How the UK’s Global Better Health Programme partnerships in South East Asia will help push forward action on NCDs Share

September 9, 2020

Dr Paul Kowal, a global health consultant, explains how, in just three years, the programme hopes to help address the growth in NCDs in the South East Asia region. 

Photo: The Better Health Programme in the Philippines and representatives from the UK embassy visit Barangay Health Station Mental Health Service Providers. (Photo credit: Rogelio Ilagan)

The high-profile launch in July 2020 of the Better Health campaign in the UK, led by the Prime Minister Boris Johnson, shone the spotlight on the public’s growing understanding of the impact of obesity – and non-communicable diseases (NCDs) – on surviving infection with Covid-19.  Johnson, who became seriously ill with Covid-19, has since been trying to lose weight and wants others to follow his example.

Meanwhile, another important initiative by the UK Government is tackling the obesity and NCD time bomb, but on the international stage. 

The three-year Global Better Health Programme (BHP), part of the UK’s Foreign, Commonwealth and Development Office’s Prosperity Fund, covers 520 million adults living in eight partner countries: Brazil, Malaysia, Mexico, Myanmar, the Philippines, South Africa, Thailand, and Vietnam.

The global programme works through technical partnerships, including with the National Health Service (NHS) and academic institutions, to address not just obesity but other health risks such as hypertension and poverty, as well as specific NCDs like diabetes, heart disease and mental health issues. It also seeks to tackle the growing economic burden of NCDs and strengthening digital health systems. 

NCDs account for at least 69% of deaths in each of the five South East Asian (SEA) countries, reaching 79% in Vietnam, compared to 89% in the UK.

Yet government health budgets in middle income countries and development assistance for health to address NCDs do not come close to matching the burden. Just 1.8% (US$720 million) of global health-related development assistance in 2019 was directed to NCDs. Of these funds, just US$43 million went to South East Asia, where much of the cost of managing NCDs falls to individuals and families. 

Someone who gets ill in Thailand is relatively fortunate, as universal health coverage means out-of-pocket payments are relatively low, at just 11% of current total health expenditure in 2017 (lower than the UK at 16%). But without similar safety nets, out-of-pocket expenses reached 53% in the Philippines and 76% in Myanmar. 

The BHP has invested £79.3 million overall, including £22.1 million in SEA. The level of support from BHP has the potential to be transformative in the five SEA partner countries and across the region. BHP SEA will also bring benefits to the UK, through bidirectional learning opportunities, co-discovery and shared accountability on the part of both the provider and the donor for the quality of agreed deliverables. 

The BHP has begun investing in technical partnerships in five main areas that support: strategies to counter NCDs; digital health initiatives; education and training; provider performance improvement; and life sciences initiatives. BHP believes that prioritising health, particularly NCDs, is a recipe for economic growth. Recent estimates support this. Fewer chronic health conditions leading to expanded participation in the labour force worldwide could lead to an increase in global GDP by 8% (US$12 trillion).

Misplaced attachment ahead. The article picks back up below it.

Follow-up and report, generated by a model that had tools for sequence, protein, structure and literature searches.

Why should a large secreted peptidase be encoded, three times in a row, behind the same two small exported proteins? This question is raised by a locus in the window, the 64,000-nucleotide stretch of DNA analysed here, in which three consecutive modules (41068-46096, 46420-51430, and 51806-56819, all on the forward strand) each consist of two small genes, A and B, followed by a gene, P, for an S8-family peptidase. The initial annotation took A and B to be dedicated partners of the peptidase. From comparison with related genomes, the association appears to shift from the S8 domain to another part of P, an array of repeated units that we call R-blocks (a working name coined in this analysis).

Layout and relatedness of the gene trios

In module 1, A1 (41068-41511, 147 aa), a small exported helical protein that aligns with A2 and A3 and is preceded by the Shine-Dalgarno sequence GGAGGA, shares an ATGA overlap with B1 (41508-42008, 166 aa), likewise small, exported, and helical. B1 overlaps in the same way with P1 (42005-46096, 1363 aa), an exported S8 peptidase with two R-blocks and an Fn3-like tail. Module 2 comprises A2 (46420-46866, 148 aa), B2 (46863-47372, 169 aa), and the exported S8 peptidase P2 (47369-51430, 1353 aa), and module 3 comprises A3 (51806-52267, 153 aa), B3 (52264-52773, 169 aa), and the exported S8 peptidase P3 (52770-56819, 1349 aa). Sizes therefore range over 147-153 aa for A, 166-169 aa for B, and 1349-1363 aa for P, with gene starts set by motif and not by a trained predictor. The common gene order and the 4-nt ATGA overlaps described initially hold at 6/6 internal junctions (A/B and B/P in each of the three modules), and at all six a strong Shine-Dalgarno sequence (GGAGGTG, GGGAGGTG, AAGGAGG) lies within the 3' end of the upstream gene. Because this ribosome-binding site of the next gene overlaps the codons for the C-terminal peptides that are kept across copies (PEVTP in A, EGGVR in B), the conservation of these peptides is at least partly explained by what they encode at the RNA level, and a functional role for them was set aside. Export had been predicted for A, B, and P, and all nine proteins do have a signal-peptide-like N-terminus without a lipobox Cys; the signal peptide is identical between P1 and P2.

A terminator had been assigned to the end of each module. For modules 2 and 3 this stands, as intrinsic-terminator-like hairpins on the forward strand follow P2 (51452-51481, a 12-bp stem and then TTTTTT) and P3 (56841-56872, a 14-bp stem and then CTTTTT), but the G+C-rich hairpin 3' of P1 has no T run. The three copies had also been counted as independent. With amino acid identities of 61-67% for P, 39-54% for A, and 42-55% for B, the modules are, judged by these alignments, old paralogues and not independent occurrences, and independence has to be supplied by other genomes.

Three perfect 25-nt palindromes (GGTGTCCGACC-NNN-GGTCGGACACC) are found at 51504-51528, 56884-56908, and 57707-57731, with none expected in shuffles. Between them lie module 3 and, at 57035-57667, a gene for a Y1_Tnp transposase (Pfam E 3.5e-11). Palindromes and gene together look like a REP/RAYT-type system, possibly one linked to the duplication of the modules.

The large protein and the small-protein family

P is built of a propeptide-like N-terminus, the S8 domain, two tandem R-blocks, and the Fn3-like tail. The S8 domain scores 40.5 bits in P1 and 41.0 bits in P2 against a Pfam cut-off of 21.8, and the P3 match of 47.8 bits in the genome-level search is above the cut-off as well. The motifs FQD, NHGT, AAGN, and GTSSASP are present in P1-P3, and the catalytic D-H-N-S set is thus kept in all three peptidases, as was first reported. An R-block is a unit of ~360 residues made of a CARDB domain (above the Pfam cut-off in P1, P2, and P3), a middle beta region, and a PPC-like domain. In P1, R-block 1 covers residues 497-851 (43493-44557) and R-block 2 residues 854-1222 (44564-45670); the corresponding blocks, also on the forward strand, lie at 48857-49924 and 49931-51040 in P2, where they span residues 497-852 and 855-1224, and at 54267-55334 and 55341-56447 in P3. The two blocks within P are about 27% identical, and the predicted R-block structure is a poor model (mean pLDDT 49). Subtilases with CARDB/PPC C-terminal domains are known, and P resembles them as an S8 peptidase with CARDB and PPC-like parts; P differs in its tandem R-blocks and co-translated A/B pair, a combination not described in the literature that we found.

So far, significant first steps have been made in agreed areas of work, for example:

  • BHP Malaysia has developed a strategy to engage community health volunteers in low income neighbourhoods to address obesogenic environments. 
  • BHP Myanmar has progressed its review and revision of NCD-related curricula in medical, nursing, public health and community health universities. 
  • BHP Philippines (pictured) has begun developing diabetes, hypertension and mental health (particularly related to NCDxCOVID-19 interactions) continuing professional development courses to be offered through local learning networks. 
  • BHP Thailand has contributed to efforts on a new front-of-pack labelling scheme and social marketing to achieve population salt intake reduction.
  • BHP Vietnam is actively addressing its digital health ecosystem to improve its evidence on NCDs to inform policy, marked by the high-profile signing of the Memorandum of Understanding between the UK and Vietnam governments in July. (See here

Addressing NCDs has the potential to help mitigate the economic challenges posed by Covid-19 in the BHP South East Asia partner countries. While the primary objectives of BHP remain focused on improving NCD-related population health and strengthening health systems, there is clear intention within BHP to explore possibilities that may lead to benefits for international organisations and business (including in the UK). These include institution-to-institution relationships and engagements with the Department of International Trade, the NHS and its arms-length bodies, universities and digital health companies. 

All parties are keen to explore and realise these secondary benefits while acknowledging we’ve had enough and are working together to #ActOnNCDs.

Click here for more information on the Global Health Programme

Photo: The Better Health Programme in the Philippines and representatives from the UK embassy visit Barangay Health Station Mental Health Service Providers. (Photo credit: Rogelio Ilagan)